The use of extreme trauma to further this story’s development creates an unredeemable disconnect.

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HOME GIRL

Naomi Brisset, a 14-year-old white British girl in foster care, moves restlessly from home to home.

After Naomi accuses her latest foster father of being “a perv with a big prick P,” her social worker places her with a “second-generation British, West Indian” family, and Naomi begins to build familial connections with the parents, Tony and Colleen, who was also a foster child, and their two children, Pablo and Sharyna. Wheatle (Kerb-Stain Boys, 2018, etc.) has created a distasteful study in misogynoir, ableism, and homophobia. The book fast-tracks Naomi through situations where she leans into socially problematic scenarios with no apparent awareness: She begs her black foster mother to braid her hair so that she looks like Solange Knowles or Alicia Keys then is accused of cultural appropriation by a black girl who confronts her and is locked up in in-school suspension before being carted away. Wheatle's fictional Crongton leans into every negative stereotype of spaces where there are large concentrations of black communities. An opportunity to discuss issues of race in contemporary Britain is squandered when Dr. Martin Luther King Jr.’s “I Have a Dream” speech is quoted out of context, with Tony’s father being labeled racist while Naomi’s own racist commentary is not interrogated. The only queer relationship and characters in the story are demonized through violent and degrading behavior.

The use of extreme trauma to further this story’s development creates an unredeemable disconnect. (Fiction. 14-18)

Pub Date: Sept. 3, 2019

ISBN: 978-1-61775-753-2

Page Count: 288

Publisher: Akashic

Review Posted Online: June 10, 2019

Kirkus Reviews Issue: July 1, 2019

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Immersive and engaging, despite some flaws, and destined to capture imaginations.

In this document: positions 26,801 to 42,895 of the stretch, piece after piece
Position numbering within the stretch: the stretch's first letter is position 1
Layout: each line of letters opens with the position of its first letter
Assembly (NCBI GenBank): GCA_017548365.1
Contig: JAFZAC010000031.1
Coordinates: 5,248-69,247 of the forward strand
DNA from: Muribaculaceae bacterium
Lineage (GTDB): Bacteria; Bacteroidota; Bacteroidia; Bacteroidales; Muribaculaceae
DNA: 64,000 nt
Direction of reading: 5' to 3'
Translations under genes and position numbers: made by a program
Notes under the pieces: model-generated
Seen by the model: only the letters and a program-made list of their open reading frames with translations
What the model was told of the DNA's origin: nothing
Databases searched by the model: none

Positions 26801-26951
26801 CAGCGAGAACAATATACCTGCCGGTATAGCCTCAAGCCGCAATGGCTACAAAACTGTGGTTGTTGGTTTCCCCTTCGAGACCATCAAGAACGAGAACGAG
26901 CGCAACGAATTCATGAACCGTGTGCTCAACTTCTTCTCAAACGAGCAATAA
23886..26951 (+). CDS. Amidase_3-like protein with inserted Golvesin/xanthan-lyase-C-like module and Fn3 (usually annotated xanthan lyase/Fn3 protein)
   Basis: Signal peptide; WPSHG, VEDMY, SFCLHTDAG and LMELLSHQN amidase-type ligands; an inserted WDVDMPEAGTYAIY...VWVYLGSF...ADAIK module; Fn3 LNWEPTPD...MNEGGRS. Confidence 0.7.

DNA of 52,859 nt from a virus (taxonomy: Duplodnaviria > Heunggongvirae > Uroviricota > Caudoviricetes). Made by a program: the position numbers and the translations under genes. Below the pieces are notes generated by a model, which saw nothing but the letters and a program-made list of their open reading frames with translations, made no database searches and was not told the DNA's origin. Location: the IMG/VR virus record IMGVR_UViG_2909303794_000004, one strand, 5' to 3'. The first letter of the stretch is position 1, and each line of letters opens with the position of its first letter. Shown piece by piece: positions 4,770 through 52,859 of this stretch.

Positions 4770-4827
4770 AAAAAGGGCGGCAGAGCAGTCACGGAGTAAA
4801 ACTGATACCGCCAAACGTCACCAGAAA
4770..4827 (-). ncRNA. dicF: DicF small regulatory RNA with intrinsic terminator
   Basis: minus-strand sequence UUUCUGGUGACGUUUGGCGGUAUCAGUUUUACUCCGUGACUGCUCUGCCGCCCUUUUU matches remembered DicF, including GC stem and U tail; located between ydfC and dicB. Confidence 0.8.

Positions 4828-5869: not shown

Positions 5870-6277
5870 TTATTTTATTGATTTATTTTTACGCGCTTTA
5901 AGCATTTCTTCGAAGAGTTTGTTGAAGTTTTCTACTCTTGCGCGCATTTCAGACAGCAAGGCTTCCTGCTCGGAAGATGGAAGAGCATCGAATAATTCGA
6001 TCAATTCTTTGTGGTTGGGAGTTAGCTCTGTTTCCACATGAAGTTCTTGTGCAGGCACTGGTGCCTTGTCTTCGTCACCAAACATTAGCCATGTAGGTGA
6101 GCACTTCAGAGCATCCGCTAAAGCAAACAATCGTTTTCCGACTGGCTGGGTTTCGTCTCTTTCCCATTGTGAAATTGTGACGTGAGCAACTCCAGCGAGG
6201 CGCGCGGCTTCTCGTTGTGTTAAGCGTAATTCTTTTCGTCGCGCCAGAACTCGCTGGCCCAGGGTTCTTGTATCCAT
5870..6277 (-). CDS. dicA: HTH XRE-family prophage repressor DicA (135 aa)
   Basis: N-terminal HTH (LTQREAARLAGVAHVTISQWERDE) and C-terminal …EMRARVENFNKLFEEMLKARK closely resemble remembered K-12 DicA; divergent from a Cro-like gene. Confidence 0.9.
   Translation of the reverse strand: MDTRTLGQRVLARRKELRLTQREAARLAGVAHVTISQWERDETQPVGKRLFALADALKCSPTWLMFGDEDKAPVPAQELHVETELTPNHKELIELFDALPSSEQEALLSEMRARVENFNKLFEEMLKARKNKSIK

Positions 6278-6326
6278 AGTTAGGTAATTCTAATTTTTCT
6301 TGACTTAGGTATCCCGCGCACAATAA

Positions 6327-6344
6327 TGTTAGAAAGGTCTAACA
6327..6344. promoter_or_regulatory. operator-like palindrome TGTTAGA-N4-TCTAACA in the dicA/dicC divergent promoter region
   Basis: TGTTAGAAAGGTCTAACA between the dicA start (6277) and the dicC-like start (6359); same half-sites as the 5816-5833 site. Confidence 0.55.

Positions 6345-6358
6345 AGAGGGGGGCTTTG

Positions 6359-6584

CARAVAL

From the Caraval series , Vol. 1

Magic, mystery, and love intertwine and invite in this newest take on the “enchanted circus” trope.

Sisters raised by their abusive father, a governor of a colonial backwater in a world vaguely reminiscent of the late 18th century, Scarlett and Donatella each long for something more. Scarlett, olive-skinned, dark of hair and attitude, longs for Caraval, the fabled, magical circus helmed by the possibly evil Master Legend Santos, while blonde, sunny Tella finds comfort in drink and the embraces of various men. A slightly awkward start, with inconsistencies of attitude and setting, rapidly smooths out when they, along with handsome “golden-brown” sailor Julian, flee to Caraval on the eve of Scarlett’s arranged marriage. Tella disappears, and Scarlett must navigate a nighttime world of magic to find her. Caraval delights the senses: beautiful and scary, described in luscious prose, this is a show readers will wish they could enter. Dresses can be purchased for secrets or days of life; clocks can become doors; bridges move: this is an inventive and original circus, laced with an edge of horror. A double love story, one sensual romance and the other sisterly loyalty, anchors the plot, but the real star here is Caraval and its secrets.

Immersive and engaging, despite some flaws, and destined to capture imaginations. (Fantasy. 14 & up)

Pub Date: Jan. 31, 2017

ISBN: 978-1-250-09525-1

Page Count: 416

Publisher: Flatiron Books

Review Posted Online: Sept. 19, 2016

Kirkus Reviews Issue: Oct. 1, 2016

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A lush and hypnotic modern fairy tale.

WHITE FOX

Ten years ago, enigmatic film star Mireille Foix disappeared from Viloxin, her Mediterranean island home, leaving her pharma tycoon husband and two young daughters bereft.

Eighteen-year-old Manon and 17-year-old Thaïs have lived with their aunt in New York City ever since, and their father’s death the previous summer still stings. Tai is puckish and effervescent, with “beautiful gemstones of stories that she’s sharpened to points” and musical laughter that hides deep insecurity. Noni, on the other hand, is a bookish and unabashedly melancholy young woman. When they get an invitation to return to Viloxin, the “Eden” of their childhood, as guests of honor at a retrospective of their mother’s work, they can’t pass it up. Soon after their arrival, Tai discovers White Fox, a legendary unfinished script penned by her mother. The screenplay, which is nestled in between Tai’s and Manon’s narratives as well as that of Boy, a darkly mysterious third narrator, may hold the key to Mireille’s fate. Desperate for the truth, Tai and Noni are enticed into an eerie and darkly seductive puzzle box of enigmatic clues, revelations, and danger. Faring, an imaginative, tactile, and immensely quotable wordsmith, explores the complexities of sisterhood and grief with a deft hand, and her unusual island setting, with its futuristic touches, draws readers in with a sensuous warmth that belies the sharp teeth beneath its surface. Most main characters seem to be White.

A lush and hypnotic modern fairy tale. (Mystery. 14-18)

Pub Date: Sept. 22, 2020

ISBN: 978-1-250-30452-0

Page Count: 416

Publisher: Imprint

Review Posted Online: July 8, 2020

Kirkus Reviews Issue: Aug. 1, 2020

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